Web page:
About Vichy France

At the beginning of World War II, after the attack on Poland in the autumn of 1939 both the French and the British declared war on Germany, put their forces into place in France, then waited .. and waited … and waited. It was known as the “phoney war”. Hitler realised that the Allies were not going to defend Poland or attack Germany, so he prepared, then in 1940 launched the blitzkrieg (lightning war) driving tanks and infantry, supported by close air support, through the supposedly impassable Ardennes Forest. The Allies were stunned by this flanking manoeuvre and quickly lost ground. These ancient enemies, France and England, did not trust each other and the lack of trust created an ongoing communications crisis.

The French decided that they could not withstand the onslaught and sued for peace. The British, feeling betrayed, evacuated the remnants of their army through Dunkirk, declaring a victory by getting most of their men out, but leaving virtually all of their heavy weaponry. The evacuation at Dunkirk is a story in itself, with thousands of private British boats assisting the navy to evacuate survivors.

The Germans occupied the northern half of France and installed a puppet government under Marshal Pétain in the southern half, with the government in Vichy. A lot of people over the years have accused the French of simply rolling over when the Germans attacked. What I did not know was that, in the first month of the attack on France, they sustained over 100,000 killed in action. That is approximately twice the number of American fatalities during all the years of the Vietnam war. I think that the French believed, with some accuracy, that they were going to lose a second generation of young men to another war in a span of 20 years and decided that that was too high a price to pay.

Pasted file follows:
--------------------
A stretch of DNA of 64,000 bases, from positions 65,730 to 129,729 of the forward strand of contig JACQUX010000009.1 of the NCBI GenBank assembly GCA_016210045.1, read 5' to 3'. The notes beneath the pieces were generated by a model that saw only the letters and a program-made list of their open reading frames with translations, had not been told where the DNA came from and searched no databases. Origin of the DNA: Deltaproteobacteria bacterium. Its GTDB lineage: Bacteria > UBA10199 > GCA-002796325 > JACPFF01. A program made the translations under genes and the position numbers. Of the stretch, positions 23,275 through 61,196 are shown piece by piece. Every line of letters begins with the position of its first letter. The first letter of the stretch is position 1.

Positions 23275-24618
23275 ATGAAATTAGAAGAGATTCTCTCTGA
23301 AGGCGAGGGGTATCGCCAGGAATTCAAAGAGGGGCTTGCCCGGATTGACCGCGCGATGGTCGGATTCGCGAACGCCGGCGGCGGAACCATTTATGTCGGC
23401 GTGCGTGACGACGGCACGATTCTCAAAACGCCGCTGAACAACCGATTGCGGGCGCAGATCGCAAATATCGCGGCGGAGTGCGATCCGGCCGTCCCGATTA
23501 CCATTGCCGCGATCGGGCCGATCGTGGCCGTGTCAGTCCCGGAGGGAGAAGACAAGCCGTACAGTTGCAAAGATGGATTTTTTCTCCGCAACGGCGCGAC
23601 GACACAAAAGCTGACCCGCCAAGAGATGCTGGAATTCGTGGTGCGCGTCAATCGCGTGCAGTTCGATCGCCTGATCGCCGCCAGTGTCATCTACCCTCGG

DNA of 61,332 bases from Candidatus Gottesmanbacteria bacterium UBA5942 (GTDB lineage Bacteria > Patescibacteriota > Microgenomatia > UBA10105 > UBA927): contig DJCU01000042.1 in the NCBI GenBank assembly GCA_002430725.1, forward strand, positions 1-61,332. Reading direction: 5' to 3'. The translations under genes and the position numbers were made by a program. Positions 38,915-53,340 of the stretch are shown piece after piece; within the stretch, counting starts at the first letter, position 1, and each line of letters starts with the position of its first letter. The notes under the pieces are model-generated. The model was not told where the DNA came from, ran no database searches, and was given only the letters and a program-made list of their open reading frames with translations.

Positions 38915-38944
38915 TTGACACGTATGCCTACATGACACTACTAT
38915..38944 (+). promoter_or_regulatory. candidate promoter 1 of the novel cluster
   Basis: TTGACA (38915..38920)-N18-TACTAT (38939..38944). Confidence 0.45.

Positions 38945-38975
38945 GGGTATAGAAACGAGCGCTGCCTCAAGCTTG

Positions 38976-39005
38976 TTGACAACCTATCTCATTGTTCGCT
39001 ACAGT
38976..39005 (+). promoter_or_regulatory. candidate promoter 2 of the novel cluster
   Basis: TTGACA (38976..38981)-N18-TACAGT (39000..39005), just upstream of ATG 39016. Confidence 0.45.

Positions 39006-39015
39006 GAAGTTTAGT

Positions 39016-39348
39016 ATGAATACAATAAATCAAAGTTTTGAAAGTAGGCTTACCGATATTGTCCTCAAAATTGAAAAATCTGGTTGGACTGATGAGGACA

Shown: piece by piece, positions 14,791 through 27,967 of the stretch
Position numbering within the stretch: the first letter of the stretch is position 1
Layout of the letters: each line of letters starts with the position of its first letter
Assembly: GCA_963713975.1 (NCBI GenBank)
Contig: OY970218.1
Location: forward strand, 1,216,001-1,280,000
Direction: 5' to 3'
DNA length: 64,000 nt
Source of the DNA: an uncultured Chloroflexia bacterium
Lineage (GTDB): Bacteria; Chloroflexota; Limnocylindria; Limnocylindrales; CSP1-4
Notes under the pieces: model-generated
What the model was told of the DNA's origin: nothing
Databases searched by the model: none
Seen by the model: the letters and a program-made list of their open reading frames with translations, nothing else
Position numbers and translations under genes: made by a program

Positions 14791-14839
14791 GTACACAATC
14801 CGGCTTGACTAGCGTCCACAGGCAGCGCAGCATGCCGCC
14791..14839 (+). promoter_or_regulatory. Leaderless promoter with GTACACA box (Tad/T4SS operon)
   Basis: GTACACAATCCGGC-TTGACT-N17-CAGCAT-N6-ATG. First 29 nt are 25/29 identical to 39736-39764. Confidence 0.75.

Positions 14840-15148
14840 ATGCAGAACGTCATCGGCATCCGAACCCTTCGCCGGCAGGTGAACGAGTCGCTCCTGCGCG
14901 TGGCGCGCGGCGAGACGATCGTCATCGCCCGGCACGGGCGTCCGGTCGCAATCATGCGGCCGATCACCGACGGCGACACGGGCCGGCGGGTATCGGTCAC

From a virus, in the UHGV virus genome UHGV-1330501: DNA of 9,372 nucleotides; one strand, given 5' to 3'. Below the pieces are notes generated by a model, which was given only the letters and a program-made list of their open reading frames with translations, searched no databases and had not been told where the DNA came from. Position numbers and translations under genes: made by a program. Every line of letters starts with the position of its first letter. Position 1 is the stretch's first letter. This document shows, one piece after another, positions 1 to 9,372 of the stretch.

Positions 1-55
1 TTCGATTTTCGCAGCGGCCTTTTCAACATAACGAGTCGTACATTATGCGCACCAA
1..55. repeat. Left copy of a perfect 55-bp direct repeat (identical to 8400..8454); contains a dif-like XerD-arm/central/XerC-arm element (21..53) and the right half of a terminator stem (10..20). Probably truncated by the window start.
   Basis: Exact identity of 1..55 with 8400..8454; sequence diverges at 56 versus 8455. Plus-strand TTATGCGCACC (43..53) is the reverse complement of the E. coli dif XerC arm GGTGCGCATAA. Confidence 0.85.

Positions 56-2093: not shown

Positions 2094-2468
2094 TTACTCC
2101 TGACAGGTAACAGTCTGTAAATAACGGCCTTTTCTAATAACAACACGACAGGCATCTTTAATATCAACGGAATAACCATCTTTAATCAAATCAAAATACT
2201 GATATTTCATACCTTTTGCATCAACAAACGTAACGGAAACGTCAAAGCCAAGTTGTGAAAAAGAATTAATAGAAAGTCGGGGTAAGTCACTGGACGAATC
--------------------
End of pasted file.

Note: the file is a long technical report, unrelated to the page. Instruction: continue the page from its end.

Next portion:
One of the appalling parts of the history of Vichy France is their treatment of the Jews. There were many, many Jewish refugees from the rest of Europe who had fled to apparent safety in France prior to 1939. As the Germans executed their “final solution”, the deliberate extermination of the Jews, Vichy France was only too eager to assist. While many Jewish French citizens were helped by their gentile neighbours, the Jewish refugees, most in refugee camps, had no one to help them. The rules concerning who was a Jew in Vichy France were more draconian than those in occupied France or in Germany itself. They were rounded up by French police and transported to the extermination camps in their tens of thousands. Most did not survive.

There was, of course, an active resistance movement both in occupied France and in Vichy France but, as a wise and cynical Frenchwoman said much later, there were a lot more resistance fighters after the war than during the war. For many years after the war, the French government simply denied its complicity in the round-up of the Jews but this denial has since been rescinded.

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